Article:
• Expert Handling of Cost Structure: Vending machines have both fixed and variable costs associated with their operation. Improper allocation or understanding of these costs poses a problem beyond just the accounting challenge. These costs can put a dent in even the most high-traffic vending machine business. 
  • Saving Money on Maintenance and Improving Reliability: Entrepreneurs should determine if they have the requisite skills or are close enough to reasonably maintain the machines themselves. If not, a reliable maintenance person will always outperform a cheap but ineffective operator. Additionally, business owners should determine if they will stock the machines themselves or hire employees to assist in the restocking process with the recognition that these employees constitute a new fixed cost.
  • Modifying Inventory to Suit Local Customer Tastes: Local customers have unique preferences. For example, an immigrant neighborhood will have unique tastes that may not exist in the typical office park. Operators must have the ability to accurately identify local customer preferences and modify inventory where each machine is located to ensure that they can meet these diverse tastes and preferences. 
  • Expanding When Appropriate: Business owners should expand their operations only when they have their immediate area saturated as operations get much more complex and costly as distances expand. Simply feeling the need to expand should not constitute the entirety of the decision. Instead, business owners must weigh both the financial and operational costs of expanding to a new location and must conduct due diligence to ensure that the prospective location can adequately accommodate a new vending machine.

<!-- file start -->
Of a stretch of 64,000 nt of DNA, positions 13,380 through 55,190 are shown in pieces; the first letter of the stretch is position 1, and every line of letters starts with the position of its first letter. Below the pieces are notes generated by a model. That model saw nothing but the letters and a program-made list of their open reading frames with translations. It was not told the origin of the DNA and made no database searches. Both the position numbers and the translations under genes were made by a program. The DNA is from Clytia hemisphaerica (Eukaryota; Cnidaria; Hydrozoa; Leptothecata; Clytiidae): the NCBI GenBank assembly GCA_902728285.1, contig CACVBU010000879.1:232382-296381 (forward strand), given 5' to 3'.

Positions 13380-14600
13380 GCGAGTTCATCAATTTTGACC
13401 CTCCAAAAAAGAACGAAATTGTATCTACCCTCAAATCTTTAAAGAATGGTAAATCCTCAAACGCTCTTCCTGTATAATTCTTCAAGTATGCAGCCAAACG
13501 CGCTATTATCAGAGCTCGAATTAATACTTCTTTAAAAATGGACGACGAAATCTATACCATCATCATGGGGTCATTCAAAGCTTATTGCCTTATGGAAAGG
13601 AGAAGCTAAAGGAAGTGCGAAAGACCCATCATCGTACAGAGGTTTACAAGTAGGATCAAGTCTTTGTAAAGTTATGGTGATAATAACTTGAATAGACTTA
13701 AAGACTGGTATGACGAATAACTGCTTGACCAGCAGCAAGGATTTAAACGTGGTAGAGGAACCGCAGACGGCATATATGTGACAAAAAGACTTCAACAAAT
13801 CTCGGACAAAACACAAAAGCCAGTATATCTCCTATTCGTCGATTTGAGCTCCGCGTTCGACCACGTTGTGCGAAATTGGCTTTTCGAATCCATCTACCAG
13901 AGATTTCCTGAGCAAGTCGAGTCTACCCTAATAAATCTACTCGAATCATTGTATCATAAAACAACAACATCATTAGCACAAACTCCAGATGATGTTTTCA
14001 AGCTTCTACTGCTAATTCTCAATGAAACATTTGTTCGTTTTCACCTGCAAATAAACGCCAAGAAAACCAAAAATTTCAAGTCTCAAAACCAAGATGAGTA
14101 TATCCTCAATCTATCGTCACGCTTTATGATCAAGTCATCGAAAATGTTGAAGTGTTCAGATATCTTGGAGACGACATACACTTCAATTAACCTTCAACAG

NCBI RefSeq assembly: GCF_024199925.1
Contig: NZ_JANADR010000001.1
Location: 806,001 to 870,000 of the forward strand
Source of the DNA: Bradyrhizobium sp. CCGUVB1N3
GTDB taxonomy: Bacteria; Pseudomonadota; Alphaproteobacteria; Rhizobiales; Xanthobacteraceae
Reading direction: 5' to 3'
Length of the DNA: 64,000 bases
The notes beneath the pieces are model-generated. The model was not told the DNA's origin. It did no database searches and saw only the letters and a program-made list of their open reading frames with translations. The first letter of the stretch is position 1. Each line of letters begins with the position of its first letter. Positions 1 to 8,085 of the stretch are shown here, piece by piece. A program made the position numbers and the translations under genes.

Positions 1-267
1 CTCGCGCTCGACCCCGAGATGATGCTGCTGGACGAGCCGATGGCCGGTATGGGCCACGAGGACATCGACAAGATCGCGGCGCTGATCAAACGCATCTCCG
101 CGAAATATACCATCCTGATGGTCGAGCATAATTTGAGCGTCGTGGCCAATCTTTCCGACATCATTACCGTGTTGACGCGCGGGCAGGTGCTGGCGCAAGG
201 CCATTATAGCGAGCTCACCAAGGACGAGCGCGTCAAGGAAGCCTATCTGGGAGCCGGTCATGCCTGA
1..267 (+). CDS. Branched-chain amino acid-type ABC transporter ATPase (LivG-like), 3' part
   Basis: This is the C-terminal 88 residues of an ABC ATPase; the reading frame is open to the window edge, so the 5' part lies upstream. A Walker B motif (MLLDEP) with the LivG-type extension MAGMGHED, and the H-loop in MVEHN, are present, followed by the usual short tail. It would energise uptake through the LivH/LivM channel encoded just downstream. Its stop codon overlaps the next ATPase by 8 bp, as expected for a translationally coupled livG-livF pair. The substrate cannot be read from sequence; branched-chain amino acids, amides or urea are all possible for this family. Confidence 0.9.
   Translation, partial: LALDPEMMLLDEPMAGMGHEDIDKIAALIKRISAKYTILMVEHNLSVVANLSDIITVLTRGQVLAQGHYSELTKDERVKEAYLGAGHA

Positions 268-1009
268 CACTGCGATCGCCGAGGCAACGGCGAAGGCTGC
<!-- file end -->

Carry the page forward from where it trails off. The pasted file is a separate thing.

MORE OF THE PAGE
• Achieving Operational Leverage: While the need to do everything yourself can certainly help to control costs, this lack of operational leverage can also cause a business to not have the ability to scale up. If you plan to increase your operation, you will want to determine how best to achieve operational leverage, whether that includes hiring new employees, making use of contractors, or streamlining operations with new technology.

What are the Top Locations for Vending Machines?

The following locations form the backbone of any vending machine operation. However, many more locations beyond these can produce profitable results. A process of experimentation and testing can help to identify potentially underserved markets.